25 dental restoratives, and the macroscopic effects of shrinkage strain and/or shrinkage stress, continue to attract widespread international research interest (Watts and Silikas, 2005). Resin shrinkage due to polymerization has been reported as one of the factors directly responsible for marginal staining, fractures, debonding, microleakage, secondary caries and postoperative sensitivity. The present generation of flowable composites undergoes a free volumetric shrinkage of 4-9% (Watts and Silikas, 2005). For condensable composites, volumetric shrinkage is in the range of 2-6%, with most values near 3.5%. Sixty five to 75% of this shrinkage occurs within the first 10 minutes of placement, irrespective of curing mode. Polymerization stresses in a bonded structure may cause adhesive or cohesive failure and interfacial gap formation or, if adhesion is maintained, deformation of residual tooth structure may occur (Watts and Silikas, 2005). The effect of tooth structure deformation to accommodate potential stress is unknown. However, light cured composites develop higher stress than auto-cured analogues, and the use of higher energy curing lights further exacerbate the situation. Shrinkage stresses are very dependent upon the cavity geometry as well as the underlying chemistry. This is often discussed in terms of C-factor. C-factor is defined as the ratio of the bonded surface area to the free unbonded surface area of the cavity (Albers, 2002). C-factors for dental restorations typically range from 0.1 to 5.0 with higher values (>1.5) indicating more likelihood of higher interfacial stresses. A key effect on actual stress is dependent on the complexity of a dental restoration. For example, Class I and deep Class V cavities have high C-factor values with possible high contraction stresses. However, the presence of a high C-factor is a risk for bonding because the polymerization stresses may be too great to be counteracted by the bond strength of the 9

26 dentine bonding agent. Immediate bond strength of approximately 17 MPa may be necessary to resist the contraction stresses to prevent marginal debonding (Bayne et al., 2002). Because of its simplicity, the C-factor theory has been an attractive explanation for potential clinical problems. However, the real importance of these effects for current clinical systems may be much less. Many composites are highly filled, placed incrementally, and cured with appropriate techniques. In addition, newer adhesive systems are much better bonded (Bayne et al., 2002). (Braga et al., (2006) demonstrated that shrinkage stress and microleakage were higher in restorations with larger diameters and depths. In addition, they stated that high stresses may be translated into a more severe microleakage or low bond strength, depending on the variable tested. However, microleakage seemed to be related to restorations volume, but not to its C factor. (Cara et al., (2007) examined the effect of polymerization contraction stress (manifested as cuspal deflection) during polymerization of the resin based composites. They demonstrated that a precured intermediary flowable layer reduced the associated cuspal deflection resulting from the polymerization shrinkage of the incrementally applied resin based composites. Nevertheless, this precured intermediary flowable layer did not affect the microleakage Hydroscopic Expansion Polymerization reaction and subsequent interaction with the aqueous oral environment may result in a series of physical changes in the resin-based composite restorative materials. Resin-based composite restorative materials may absorb significant amounts of water when exposed to the oral environment. Water sorption may produce some undesirable effects such as dissolution, hydrolysis, expansion, 10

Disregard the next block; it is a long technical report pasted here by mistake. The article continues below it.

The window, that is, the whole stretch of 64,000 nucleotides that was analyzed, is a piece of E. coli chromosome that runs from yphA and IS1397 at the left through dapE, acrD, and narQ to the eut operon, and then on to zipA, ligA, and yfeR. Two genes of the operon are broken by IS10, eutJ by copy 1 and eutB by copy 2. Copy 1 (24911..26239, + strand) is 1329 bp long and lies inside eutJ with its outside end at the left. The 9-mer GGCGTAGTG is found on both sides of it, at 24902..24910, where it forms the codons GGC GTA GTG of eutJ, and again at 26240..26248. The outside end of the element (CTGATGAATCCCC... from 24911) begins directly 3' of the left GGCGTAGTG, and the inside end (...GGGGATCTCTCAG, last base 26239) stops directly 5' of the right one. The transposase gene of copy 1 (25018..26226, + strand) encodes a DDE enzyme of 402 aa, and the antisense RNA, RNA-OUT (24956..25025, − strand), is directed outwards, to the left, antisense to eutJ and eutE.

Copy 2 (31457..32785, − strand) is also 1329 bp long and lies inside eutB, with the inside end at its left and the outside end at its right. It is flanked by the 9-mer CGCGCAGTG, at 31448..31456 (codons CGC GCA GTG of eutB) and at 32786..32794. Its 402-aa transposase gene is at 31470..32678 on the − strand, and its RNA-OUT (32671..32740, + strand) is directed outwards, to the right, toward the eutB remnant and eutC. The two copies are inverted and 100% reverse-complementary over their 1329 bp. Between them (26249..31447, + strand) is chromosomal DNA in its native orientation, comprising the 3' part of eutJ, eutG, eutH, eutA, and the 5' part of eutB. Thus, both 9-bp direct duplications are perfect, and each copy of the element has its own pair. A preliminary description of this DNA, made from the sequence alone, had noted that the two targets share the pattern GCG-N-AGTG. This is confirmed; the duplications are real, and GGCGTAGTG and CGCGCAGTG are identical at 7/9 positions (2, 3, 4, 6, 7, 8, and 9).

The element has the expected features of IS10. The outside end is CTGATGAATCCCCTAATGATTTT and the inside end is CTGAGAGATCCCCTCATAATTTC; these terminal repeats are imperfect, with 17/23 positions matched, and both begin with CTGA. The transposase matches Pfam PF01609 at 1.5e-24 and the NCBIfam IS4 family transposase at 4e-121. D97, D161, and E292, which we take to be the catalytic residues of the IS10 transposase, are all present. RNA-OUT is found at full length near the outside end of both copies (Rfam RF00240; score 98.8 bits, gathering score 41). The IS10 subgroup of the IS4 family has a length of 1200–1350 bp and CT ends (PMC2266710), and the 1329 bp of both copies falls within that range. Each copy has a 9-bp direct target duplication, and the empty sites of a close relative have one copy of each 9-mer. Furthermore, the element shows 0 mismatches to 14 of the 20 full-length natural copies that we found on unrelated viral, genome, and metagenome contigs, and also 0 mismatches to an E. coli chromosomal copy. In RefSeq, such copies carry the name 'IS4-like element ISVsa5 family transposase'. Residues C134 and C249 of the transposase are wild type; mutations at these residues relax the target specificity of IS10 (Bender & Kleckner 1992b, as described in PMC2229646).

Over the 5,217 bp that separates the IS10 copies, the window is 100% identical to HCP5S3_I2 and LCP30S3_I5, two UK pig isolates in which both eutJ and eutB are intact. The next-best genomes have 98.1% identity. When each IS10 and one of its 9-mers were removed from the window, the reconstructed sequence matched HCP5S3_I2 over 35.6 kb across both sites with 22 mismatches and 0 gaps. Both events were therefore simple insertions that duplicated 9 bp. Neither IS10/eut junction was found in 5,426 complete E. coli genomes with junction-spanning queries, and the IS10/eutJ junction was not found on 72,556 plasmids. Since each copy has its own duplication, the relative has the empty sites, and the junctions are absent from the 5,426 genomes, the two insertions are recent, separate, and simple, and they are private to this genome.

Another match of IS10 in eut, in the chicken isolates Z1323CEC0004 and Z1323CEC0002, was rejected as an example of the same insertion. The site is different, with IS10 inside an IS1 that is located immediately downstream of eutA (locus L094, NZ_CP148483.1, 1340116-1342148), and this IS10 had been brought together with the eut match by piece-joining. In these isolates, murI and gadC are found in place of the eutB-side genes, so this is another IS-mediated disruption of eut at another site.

27 plasticization, microcrack formation and fatigue. This degradation of its physical properties decreases the life expectancy of dental restorative materials (Robenson et al., 2002). Most polymer-based materials absorb water through a diffusion controlled process. A number of factors including type of resin, filler fraction, filler size, reactivity of the glass and the presence of silane and non-silane coupling agents, determine the diffusion coefficient of dental composite restorative materials (Eliades et al., 2005). Of these, the nature of the resin matrix has the most significant bearing on the amount and rate of hydroscopic expansion for any given resin-based composite restorative material. Water sorption by the resin may compensate for the effect of the polymerization shrinkage. This is because; the resin may expand and seal off marginal gaps. However, it occurs only over a relatively long period of time and it is directly proportional to resin content (Perdigao and Swift, 2002; Robenson et al., 2002). Unfortunately, swelling is much more marked for restorations with a low C-factor, in which shrinkage stress is not as a great problem. In the case of high C-factor restorations, the surface of the restoration which is exposed to the oral cavity will initially gain in volume. This gain produces a gradient from the outer surface to the bulk of the restoration, thus adding additional stress. On the other hand, owing to the slow process of water sorption from saliva, stress relief may come too late, after fractures have already formed. Although water sorption is generally recognized as a stressrelieving mechanism, there are only a few quantitative data available to assess its true impact. After a prolonged period of swelling, nonshrinking composite materials may encounter major problems related to expansion stress in some types of restorations for example, in mesioocclusodistal (MOD) restorations (Dauvillier et al., 2000). 11